If someone who knew your brand read all of your marketing material without any mention of your brand name or any sign of your logo, would they know that it was yours and that all the materials belonged to the same company? If the answer to this is yes then congratulations – you’ve nailed your brand’s tone of voice. If the answer is no, then you should probably read this blog post.
When you communicate with someone, you listen to the words that they use, the tone of their voice, and you read their body language. When it comes to brands speaking digitally to their customers, there’s no way of reading body language through a phone or computer screen, which is why pinning down a strong tone of voice is a huge part of marketing.
It’s pretty much exactly what it sounds like. Tone of voice is the way your brand communicates. It makes a business a brand and it’s an expression of its values and way of thinking. Just as when you’re speaking to a person and their tone of voice can help you gauge their mood and the way you are going to react to what they are saying, the same can be said for a brand and their customers.
Tone of voice ties in very closely with your brand’s personality. It informs all your marketing communications; from site content, to social media and email marketing. A customer will start to form an image of your brand based on the tone of voice within all of your content straight from the get-go. You can use this personality to attract and appeal to your ideal customer. If your perfect audience is high flying businessmen and women, then you’ll probably want to adopt a professional and authoritative tone. For teenagers and young adults, you will be better positioned with a fun and quirky vibe.
It’s not only attracting the right customer base that a tone of voice is good for. With a strong and consistent tone of voice comes a sense of trust or familiarity that will make your current customers feel at ease. They know who you are and they know what to expect. If your tone of voice is inconsistent or weak, it can actually be quite a discomfort for customers, whether they realise it or not.
Rule number one: stay true to your brand. Choose a tone of voice that reflects your genuine values. Don’t do what your competitors are doing and don’t try and be something that you’re not. Don’t try and be fun and goofy if that’s not you. Equally, don’t try and be serious and direct if that’s not you.
Here’s a little exercise to get you started. Ask yourself – if your brand was a person, what would they be like? If it were a biscuit, what biscuit would it be? (we’d be a party ring). Try and see your brand as a person who speaks in a certain way and has their own unique set of values, attitudes and behaviours. Why does your brand do whatever it does, and why is it so passionate about it? Create the backstory.
From this image in your mind, pick three core human values for your brand. Human values are the key to strong marketing, after all. Ask yourself, where on the line would your brand’s personality fall on each of the below integer characteristics?
By now, your brand’s personality might be taking a little more shape. When it comes to actually implementing this into your marketing material, think about your choice of words, the length of your sentences, the rhythm and pace of the content and the emotion and possible humour that it conveys. Every word and comma should feed into this brand identity.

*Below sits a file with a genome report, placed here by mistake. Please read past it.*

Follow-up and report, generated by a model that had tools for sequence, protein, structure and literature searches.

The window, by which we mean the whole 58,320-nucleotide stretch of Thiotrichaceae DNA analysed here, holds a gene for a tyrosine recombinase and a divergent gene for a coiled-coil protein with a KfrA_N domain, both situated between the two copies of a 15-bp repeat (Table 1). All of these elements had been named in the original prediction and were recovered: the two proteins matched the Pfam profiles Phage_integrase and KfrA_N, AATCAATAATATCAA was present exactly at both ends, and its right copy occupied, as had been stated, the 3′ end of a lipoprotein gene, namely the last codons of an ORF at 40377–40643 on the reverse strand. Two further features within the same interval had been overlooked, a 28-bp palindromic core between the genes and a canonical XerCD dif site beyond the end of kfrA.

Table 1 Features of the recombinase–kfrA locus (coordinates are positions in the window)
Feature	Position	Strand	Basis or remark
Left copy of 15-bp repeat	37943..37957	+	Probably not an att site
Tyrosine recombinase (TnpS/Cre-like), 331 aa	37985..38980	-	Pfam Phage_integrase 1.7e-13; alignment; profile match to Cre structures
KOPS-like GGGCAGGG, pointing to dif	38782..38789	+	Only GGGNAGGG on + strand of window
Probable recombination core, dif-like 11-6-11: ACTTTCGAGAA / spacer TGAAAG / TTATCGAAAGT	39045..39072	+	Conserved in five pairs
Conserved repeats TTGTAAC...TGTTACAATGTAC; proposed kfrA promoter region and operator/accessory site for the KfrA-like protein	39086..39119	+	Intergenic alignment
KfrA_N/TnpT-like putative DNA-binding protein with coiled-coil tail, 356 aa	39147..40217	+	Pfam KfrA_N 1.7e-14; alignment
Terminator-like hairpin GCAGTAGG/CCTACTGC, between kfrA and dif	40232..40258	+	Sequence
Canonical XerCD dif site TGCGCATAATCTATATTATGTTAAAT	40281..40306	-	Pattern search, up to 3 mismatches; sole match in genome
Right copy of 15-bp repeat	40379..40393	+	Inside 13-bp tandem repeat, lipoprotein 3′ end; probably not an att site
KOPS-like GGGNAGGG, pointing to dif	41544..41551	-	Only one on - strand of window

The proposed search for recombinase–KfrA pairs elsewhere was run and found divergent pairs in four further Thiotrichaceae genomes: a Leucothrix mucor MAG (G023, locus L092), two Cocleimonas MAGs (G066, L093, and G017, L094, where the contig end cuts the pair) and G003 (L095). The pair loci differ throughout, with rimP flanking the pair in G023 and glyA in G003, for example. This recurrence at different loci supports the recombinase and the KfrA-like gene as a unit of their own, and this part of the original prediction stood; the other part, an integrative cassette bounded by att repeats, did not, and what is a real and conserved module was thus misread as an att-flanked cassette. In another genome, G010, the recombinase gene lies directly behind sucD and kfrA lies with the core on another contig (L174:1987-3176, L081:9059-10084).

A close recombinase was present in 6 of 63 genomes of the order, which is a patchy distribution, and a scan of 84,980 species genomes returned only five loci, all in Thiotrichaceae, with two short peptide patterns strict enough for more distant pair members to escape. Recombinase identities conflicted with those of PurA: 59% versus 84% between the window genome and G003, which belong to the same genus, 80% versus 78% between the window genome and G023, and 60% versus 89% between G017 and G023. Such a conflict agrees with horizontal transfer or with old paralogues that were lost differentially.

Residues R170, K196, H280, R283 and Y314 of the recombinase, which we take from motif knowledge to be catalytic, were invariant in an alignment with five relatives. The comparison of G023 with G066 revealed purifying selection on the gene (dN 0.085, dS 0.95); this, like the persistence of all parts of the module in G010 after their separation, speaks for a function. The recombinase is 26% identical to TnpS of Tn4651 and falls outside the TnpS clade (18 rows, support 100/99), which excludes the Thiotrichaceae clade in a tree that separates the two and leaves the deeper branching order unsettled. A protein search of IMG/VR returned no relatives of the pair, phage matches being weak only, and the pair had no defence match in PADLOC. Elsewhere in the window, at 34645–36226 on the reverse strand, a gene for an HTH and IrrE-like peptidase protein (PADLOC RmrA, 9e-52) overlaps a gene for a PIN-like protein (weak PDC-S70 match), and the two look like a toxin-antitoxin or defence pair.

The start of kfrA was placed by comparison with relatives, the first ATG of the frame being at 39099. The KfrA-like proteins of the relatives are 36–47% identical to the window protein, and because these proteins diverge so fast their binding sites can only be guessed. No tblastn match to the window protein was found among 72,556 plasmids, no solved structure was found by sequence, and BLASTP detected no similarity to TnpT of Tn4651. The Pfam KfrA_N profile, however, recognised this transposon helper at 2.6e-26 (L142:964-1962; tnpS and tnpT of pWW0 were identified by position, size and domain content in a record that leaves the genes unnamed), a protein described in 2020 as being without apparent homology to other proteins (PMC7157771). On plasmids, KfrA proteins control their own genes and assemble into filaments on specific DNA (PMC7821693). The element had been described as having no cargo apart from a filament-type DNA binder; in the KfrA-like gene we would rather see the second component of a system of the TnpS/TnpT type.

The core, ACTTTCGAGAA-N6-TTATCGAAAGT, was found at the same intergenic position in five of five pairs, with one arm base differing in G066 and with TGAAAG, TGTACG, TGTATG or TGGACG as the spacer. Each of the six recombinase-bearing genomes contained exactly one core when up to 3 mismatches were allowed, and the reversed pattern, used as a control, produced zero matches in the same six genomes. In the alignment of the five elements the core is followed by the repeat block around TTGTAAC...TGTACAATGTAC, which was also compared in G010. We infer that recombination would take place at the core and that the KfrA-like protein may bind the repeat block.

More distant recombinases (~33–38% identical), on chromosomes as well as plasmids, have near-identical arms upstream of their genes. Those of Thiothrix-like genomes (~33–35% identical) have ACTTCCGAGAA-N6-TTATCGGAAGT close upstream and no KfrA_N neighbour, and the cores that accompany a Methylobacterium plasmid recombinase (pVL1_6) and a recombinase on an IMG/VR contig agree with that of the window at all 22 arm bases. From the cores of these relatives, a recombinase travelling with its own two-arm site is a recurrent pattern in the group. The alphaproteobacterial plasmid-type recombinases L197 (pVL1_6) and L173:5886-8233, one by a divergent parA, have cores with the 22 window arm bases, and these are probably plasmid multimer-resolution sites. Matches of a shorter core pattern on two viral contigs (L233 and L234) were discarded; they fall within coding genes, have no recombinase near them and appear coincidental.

And remember, it’s okay to alter and adapt this tone of voice depending on the platform you’re speaking on, and where in their journey a customer might be. For instance, you’ll probably want to speak differently on social media (on a more human level), to the way you speak on the services page on your website (more professional and detail-heavy).
Your brand might also have to speak to different audiences. The most common example of this is in products marketed to children. Adults are the ones purchasing the product, but children will be the users. You need to find a way to speak to and appeal to each group.
Lastly, your tone of voice will have to morph into different moods. Although the underlying character of your brand won’t change, it may have to adapt to different situations and areas of the customer journey. Whilst it might start out bright and breezy when inviting customers in, at some point when you get down to the nitty-gritty of your services or products, you’ll need to drop this a little to make way for important detail and straight forward information.
When a tone of voice is consistent, your customers hear the same person speaking whenever and however you deal with them. It’s a voice that they’re familiar with and they trust, which can only be a good thing. An inconsistent voice can kill that trust pretty quickly.
Imagine; you order a burger in a restaurant. It arrives and it’s cooked to perfection – it’s the best burger you’ve ever had. A month later, you visit the restaurant again and order the same burger, but it arrives overcooked. You’re annoyed but you let it slide, however if this was to happen again then you’re probably going to lose faith in the restaurant and the amazing burger you started out with will feel like a distant memory. This is why consistency is key.
Once you’ve really nailed that tone of voice, it’s down to everyone else involved in your company to carry this through to every area and aspect of the brand. Creating a set of tone of voice guidelines for everyone to work from is probably the best way to keep things tight – especially if you’re ever outsourcing your content to third-party content writers.
Without a strong tone of voice, your business has no real personality – or not one that your customers will be able to identify and connect with anyway. It’s the route to gaining trust, credibility and authenticity.